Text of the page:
Everyone seems to have only bad things to say about the “Sex and the City” reboot. You know it’s a step toward world peace when humans can unite.
World peace aside, when the show drops, I’m watching it. Yes there is no “Sex” without Samantha, that’s obvious enough. I’m not too hung up about it, not because I don’t love Samantha. Let it be said that I believe in only four zodiacs, and Samantha will always be one of them. But if there’s anything that years of watching (and rewatching) “Sex and the City” has explicitly revealed to anyone is that it’s fundamentally a show about bad decisions. That’s how the story moves forward. Always have, probably always will.
You may not know it, but “Sex and the City” is the true precursor to “The Crown”. Noobs could endlessly debate about what “Sex and the City” is really about. Some might say it’s the women, and some might say it’s the preeminent fifth character, New York City. But remember what Prince Philip told Diana in the last scene of Season 4: “Everyone in this system is a lost, lonely, irrelevant outsider apart from the one person, the only person, who matters. She is the oxygen we all breathe, the essence of all our duty. Your problem, if I may say, is you seem to be confused about who that person is.”
True fans know deep inside that “Sex and the City” is fundamentally about Sarah Jessica Parker’s mood swing of the moment. And the one before that, and the one that is coming next, already brewing. That is to say, regarding the question, What counts as canonical “Sex and the City”?, a dash of cinnamon in one’s warm milk is as canonical as all the episodes on diarrhea. “Sex and the City” loves a good diarrhea. I can recall, top of mind, three instances when one character either had Indian food, too much French cheese, or Mexican shower water—two of which, as you know, were Charlotte. Carrie is never getting diarrhea. If she falls flat on her face, it’s because she’s wearing bejeweled Dolce & Gabbana underwear, to offset the stumble. The closest Carrie will get near poop is in Paris.
Let’s talk about Paris. Miranda already said that eating croissants isn’t the life—Carrie in Paris isn’t Emily in Paris. But that’s precisely the “Sex and the City” curve: Carrie has to make the bad decisions. It is also necessarily the case that said bad decisions must be soothed by the most mediocre of band-aids—like replacing Jack Berger’s jungle sound machine with a beach sound machine, because the suffering can’t be drawn out long enough. When Carrie stopped smoking, the show had to devise newer and more ingenious ways for Carrie to self-destruct. For the longest time, Mr. Big had been the bad decision incarnate. When that card was played in the first Sex and the City movie, and after Carrie put on black eyeliner in the UAE, the stakes for the next big bad decision just keep getting higher.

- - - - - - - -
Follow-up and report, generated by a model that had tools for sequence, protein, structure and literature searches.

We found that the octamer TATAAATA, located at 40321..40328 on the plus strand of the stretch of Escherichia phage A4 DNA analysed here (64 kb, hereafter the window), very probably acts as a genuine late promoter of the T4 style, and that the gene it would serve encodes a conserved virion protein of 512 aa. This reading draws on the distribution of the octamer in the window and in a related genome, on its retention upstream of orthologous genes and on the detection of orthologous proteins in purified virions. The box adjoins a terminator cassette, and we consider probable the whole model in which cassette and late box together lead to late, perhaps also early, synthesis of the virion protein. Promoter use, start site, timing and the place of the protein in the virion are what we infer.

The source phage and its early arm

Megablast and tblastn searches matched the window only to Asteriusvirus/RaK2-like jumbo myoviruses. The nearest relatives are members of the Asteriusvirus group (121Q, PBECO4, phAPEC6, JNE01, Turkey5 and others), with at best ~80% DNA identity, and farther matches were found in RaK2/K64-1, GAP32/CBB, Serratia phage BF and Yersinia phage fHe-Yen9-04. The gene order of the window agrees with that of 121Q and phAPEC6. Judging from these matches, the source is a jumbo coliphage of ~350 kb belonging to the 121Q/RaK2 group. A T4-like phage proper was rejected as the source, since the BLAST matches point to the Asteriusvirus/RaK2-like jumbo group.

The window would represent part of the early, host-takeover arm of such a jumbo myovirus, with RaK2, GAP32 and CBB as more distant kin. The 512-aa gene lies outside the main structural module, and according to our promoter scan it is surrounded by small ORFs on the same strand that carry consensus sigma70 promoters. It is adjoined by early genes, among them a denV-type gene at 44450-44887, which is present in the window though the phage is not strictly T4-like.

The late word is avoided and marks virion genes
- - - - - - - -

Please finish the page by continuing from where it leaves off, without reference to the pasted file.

“Sex and the City” is a masterwork in Hegelian dialectics, defined niftily by the Stanford Encyclopedia of Philosophy as “a method of philosophical argument that involves some sort of contradictory process between opposing sides.” That’s what’s engrossing about “Sex and the City” as an artifact that was able to touch the lives of many. It’s messy, awkward, and often cruel. When Lexi Featherston dared ask, “What ever happened to fun?”, she was sent falling down a window to her death, on a snowy winter’s night.
The prospect of a “Sex and the City” without Samantha is melancholy AF but also undeniably intriguing. I guess a lot people are angry as they are, in fact, grieving. The mythical notion of New York is but a balm that lubes the show’s scratching joints. And we’ve seen many times how that magical place rewards the ruthless, too.
Every once in a while, the show takes us on colorful trips out of town, maybe to remind us that a wider world exists, beyond sex and beyond the city. But we always come back.